Recently, a young artist who is self-taught and self-employed asked if I might help with a letter of recommendation for grad school. Knowing her work and self-starter style, I agreed and asked her to draft the letter herself, in order to feature the details she thought would be most helpful. She replied with a list of bullet points about what drew her to the school’s program, her artistic aspirations and a mostly completed letter draft. She also sent me an updated CV listing the eight shows she’s participated in since graduating from university in 2017.
Yearly Archives: 2020
Norman Rockwell never called himself an artist. When I met him in his studio some years ago, he made it clear to me that he was an “illustrator.” I told him I loved cruising his paintings up close because his surfaces were so interesting, and that made him a “painter.” He told me he didn’t think painter was a bad word.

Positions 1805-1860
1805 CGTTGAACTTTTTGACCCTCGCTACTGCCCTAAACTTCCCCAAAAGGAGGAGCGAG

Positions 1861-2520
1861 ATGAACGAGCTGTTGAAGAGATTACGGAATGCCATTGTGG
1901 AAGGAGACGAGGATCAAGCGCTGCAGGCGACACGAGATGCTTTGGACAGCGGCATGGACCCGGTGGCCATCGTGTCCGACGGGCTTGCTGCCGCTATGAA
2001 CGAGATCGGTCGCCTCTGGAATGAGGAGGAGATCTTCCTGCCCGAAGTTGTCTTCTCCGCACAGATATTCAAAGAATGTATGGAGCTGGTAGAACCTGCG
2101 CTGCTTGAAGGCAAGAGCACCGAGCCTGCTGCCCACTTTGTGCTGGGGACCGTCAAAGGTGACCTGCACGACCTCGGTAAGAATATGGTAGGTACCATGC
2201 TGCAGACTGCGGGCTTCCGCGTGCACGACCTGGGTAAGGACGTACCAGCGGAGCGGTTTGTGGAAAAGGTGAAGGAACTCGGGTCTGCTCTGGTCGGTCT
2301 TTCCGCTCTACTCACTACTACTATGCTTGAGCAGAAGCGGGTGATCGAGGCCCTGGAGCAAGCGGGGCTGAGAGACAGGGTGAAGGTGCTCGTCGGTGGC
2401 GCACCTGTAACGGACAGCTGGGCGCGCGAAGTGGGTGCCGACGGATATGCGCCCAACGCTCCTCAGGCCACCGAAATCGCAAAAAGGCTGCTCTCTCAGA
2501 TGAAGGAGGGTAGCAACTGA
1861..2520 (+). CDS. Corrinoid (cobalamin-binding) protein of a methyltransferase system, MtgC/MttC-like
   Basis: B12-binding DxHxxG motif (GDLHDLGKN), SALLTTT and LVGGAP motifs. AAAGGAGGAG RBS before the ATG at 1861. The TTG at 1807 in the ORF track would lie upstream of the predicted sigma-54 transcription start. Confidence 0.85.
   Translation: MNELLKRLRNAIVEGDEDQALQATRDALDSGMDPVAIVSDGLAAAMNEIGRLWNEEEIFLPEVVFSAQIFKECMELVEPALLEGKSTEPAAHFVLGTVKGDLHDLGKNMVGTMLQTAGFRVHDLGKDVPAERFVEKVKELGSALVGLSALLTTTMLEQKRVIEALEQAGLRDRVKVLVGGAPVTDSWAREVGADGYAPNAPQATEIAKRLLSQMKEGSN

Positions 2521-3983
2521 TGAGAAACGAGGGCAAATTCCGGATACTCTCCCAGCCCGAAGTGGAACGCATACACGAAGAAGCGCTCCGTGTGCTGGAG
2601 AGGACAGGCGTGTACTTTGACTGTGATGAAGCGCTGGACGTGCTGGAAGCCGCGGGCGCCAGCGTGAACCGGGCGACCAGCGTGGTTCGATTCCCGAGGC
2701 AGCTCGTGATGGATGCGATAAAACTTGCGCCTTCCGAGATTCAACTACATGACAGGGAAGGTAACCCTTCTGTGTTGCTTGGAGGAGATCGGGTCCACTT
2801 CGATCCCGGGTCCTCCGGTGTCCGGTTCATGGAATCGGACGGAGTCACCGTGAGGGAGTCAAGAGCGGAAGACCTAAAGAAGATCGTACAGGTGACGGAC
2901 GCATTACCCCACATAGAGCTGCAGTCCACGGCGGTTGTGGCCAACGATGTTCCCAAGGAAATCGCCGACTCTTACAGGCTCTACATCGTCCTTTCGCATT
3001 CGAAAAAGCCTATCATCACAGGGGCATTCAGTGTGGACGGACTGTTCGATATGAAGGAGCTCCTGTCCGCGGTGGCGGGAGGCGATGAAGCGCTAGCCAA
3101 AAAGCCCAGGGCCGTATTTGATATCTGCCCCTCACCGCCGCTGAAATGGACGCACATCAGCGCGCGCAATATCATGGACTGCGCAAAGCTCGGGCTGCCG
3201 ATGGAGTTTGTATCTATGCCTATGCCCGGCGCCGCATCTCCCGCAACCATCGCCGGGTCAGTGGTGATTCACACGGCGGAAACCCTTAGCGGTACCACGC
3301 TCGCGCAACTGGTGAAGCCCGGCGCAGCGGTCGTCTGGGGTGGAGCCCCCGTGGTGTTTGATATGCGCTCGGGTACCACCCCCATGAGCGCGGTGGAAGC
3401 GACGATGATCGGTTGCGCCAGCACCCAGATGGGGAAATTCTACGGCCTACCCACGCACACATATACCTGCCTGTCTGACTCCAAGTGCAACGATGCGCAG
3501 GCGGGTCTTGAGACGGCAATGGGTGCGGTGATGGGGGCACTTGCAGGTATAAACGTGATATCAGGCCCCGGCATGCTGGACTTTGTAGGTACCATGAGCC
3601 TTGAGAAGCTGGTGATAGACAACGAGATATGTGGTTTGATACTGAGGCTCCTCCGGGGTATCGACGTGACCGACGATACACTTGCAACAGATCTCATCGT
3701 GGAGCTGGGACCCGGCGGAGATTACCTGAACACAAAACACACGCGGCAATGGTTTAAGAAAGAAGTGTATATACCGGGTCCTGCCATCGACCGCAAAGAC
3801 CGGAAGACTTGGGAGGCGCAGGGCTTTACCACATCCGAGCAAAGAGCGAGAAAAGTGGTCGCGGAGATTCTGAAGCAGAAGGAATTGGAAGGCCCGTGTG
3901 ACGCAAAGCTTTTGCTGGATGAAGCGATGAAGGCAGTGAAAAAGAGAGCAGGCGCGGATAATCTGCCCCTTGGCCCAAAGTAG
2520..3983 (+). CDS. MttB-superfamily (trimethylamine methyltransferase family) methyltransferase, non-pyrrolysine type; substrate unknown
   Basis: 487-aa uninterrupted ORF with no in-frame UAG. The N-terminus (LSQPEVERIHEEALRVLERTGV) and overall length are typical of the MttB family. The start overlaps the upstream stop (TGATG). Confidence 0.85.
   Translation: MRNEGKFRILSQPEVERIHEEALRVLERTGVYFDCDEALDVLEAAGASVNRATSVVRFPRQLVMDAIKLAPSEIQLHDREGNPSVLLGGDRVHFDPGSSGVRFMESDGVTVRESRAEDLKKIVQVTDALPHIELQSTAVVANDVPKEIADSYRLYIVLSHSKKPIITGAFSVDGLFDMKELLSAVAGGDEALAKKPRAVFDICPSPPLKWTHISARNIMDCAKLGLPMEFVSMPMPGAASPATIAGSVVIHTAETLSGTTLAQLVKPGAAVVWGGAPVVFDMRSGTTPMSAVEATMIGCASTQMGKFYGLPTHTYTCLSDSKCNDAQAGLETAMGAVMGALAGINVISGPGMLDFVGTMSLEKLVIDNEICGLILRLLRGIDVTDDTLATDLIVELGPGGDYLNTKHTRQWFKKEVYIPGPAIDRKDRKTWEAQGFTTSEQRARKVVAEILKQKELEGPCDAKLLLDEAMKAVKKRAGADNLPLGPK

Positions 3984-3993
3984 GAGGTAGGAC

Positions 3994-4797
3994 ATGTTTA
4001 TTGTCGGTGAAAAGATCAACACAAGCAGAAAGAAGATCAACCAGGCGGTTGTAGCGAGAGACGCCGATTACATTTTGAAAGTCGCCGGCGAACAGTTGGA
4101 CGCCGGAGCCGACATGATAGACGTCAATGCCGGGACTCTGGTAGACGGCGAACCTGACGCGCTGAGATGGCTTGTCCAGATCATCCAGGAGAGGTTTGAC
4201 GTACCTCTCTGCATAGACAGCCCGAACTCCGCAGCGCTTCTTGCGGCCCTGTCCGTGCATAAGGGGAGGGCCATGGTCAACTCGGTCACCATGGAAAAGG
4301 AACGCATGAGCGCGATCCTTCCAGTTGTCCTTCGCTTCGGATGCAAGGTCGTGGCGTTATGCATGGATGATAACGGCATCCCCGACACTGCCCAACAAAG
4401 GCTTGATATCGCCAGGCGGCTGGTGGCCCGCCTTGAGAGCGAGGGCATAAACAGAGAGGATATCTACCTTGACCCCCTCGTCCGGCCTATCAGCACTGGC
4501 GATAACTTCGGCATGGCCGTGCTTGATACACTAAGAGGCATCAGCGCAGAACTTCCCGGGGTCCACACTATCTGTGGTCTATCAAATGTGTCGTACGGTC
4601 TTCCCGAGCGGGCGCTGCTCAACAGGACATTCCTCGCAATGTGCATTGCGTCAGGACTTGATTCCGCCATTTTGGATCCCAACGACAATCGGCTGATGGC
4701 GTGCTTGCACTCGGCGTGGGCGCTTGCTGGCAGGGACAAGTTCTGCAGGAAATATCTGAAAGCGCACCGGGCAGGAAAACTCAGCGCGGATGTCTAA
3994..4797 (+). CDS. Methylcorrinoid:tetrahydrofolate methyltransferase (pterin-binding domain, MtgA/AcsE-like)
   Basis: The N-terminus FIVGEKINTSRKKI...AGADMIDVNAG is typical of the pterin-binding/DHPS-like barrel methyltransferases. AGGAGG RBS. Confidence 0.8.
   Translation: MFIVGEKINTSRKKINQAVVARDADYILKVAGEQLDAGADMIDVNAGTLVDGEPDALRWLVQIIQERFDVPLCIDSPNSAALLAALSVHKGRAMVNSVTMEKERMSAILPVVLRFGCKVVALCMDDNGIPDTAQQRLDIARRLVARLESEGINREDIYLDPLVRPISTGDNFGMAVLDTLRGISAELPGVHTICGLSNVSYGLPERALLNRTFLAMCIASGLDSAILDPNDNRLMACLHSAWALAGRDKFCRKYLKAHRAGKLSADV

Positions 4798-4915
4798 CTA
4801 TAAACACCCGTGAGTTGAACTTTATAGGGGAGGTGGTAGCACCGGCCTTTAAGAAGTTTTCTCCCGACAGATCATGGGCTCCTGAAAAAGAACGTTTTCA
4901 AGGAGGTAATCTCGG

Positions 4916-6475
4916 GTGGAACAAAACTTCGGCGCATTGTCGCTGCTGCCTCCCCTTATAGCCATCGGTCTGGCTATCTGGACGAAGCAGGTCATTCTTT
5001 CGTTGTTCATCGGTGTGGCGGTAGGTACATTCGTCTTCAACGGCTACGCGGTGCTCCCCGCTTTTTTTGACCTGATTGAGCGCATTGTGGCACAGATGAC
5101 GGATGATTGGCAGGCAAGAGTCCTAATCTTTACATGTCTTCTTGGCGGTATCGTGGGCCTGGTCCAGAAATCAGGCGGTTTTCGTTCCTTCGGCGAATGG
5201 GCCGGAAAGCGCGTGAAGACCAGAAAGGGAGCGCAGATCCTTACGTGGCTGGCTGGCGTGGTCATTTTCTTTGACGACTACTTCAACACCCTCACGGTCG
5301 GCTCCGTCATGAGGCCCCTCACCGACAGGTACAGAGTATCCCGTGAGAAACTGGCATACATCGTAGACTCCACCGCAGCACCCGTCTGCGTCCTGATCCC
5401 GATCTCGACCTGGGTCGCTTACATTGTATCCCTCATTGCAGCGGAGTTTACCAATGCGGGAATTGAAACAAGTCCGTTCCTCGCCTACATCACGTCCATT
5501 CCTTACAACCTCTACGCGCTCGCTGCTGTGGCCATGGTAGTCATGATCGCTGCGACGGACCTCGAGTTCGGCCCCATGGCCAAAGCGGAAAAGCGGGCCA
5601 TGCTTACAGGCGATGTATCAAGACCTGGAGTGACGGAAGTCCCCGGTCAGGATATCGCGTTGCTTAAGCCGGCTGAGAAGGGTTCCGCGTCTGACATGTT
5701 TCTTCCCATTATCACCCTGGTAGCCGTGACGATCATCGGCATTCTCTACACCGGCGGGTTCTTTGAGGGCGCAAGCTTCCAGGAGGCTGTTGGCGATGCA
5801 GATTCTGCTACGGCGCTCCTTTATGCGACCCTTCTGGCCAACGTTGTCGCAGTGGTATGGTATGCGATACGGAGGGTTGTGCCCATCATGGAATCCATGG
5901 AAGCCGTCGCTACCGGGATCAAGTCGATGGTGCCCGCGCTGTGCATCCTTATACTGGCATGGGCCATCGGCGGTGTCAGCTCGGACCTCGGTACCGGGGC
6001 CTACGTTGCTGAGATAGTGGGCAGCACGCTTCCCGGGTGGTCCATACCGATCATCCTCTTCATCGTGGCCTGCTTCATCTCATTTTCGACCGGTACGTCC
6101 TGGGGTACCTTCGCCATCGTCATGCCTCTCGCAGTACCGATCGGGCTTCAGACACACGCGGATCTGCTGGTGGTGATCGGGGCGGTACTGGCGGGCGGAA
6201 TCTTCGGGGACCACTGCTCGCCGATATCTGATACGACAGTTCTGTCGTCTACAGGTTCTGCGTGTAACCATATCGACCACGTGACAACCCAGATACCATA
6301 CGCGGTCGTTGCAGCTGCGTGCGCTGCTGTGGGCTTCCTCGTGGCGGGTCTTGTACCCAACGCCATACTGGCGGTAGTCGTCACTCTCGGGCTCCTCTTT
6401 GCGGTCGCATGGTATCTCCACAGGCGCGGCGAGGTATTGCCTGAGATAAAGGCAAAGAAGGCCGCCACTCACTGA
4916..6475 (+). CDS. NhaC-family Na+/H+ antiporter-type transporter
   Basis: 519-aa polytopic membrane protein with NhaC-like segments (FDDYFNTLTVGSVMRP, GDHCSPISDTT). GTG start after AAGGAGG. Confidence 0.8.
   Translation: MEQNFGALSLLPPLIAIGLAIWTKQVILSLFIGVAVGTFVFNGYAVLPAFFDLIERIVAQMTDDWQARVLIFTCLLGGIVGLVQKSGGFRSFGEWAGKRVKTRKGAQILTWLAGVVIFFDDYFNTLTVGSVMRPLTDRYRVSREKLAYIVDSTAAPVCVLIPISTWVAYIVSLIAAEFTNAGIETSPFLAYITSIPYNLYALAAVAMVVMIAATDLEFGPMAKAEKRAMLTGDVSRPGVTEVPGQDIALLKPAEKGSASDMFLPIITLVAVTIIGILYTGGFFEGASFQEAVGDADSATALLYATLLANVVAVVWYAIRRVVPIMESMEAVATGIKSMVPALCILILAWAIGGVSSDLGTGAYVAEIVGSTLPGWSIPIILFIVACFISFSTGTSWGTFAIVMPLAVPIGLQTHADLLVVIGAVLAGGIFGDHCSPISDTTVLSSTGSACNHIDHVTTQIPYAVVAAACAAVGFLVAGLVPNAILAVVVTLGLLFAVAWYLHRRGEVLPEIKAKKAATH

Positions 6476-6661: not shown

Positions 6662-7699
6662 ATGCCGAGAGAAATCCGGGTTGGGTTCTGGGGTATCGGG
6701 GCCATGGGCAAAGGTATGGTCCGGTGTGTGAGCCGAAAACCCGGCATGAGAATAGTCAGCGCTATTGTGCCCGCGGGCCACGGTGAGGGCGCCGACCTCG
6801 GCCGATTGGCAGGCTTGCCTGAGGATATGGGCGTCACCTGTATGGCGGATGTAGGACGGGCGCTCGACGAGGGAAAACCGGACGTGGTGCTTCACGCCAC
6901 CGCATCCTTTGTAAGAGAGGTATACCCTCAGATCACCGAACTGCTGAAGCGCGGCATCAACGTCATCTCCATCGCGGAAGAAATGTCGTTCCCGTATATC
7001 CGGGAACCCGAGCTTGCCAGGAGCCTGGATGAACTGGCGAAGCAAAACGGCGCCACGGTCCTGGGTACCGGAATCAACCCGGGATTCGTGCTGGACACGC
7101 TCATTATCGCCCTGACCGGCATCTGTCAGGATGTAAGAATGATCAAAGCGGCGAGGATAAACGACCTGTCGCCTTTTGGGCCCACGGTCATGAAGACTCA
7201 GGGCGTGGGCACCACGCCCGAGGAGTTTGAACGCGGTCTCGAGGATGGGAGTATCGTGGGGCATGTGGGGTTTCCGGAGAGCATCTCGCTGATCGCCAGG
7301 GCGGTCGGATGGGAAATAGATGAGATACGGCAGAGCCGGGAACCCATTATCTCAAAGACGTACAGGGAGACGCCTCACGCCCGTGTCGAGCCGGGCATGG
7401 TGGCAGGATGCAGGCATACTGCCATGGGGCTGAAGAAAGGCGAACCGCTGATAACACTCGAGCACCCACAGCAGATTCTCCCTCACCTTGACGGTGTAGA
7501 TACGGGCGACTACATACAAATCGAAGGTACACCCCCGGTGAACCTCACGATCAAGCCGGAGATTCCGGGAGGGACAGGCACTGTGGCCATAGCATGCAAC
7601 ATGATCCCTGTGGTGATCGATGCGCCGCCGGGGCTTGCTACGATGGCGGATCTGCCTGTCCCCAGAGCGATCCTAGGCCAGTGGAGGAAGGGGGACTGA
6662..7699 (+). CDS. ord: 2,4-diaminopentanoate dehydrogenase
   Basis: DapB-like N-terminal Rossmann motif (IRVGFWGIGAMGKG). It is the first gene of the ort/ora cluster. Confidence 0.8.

In 1970, John Baldessari was teaching studio art at Cal Arts, while enduring a crisis of faith in his own semi-abstracts. He took everything he’d ever made to a San Diego mortuary and cremated it, baked the ashes into cookies, stuffed them into a bronze urn shaped like a book, then engraved a plaque with the destroyed paintings’ birth and death dates and the recipe for the cookies. “It was a very public and symbolic act,” he said, “like announcing you’re going on a diet in order to stick to it.”
Model-making artist Joe Fig has produced a remarkable book, Inside the Painter’s Studio, in which he visits and photographs the studios of dozens of well-known New York contemporary painters. He also records each artist’s answers to a number of set questions, many of which are practical ones concerning studio layout, painting processes, work hours and habits, clean-up times, unique tools, titling, the use of assistants, and advice for younger artists. His second-to-last question, “Do you have a motto or a creed that as an artist you live by?” picked up a range of answers, both predictable and insightful.
My friend Carla co-leads exhibition tours at the Museum of Contemporary Art in Sydney. She does it as part of Bella Plus Connect — a monthly community drop-in program for people with disability or access requirements. Art enthusiasts of all ages and abilities are invited to meet and connect with each other and artist educators to explore the galleries and develop their own art practices.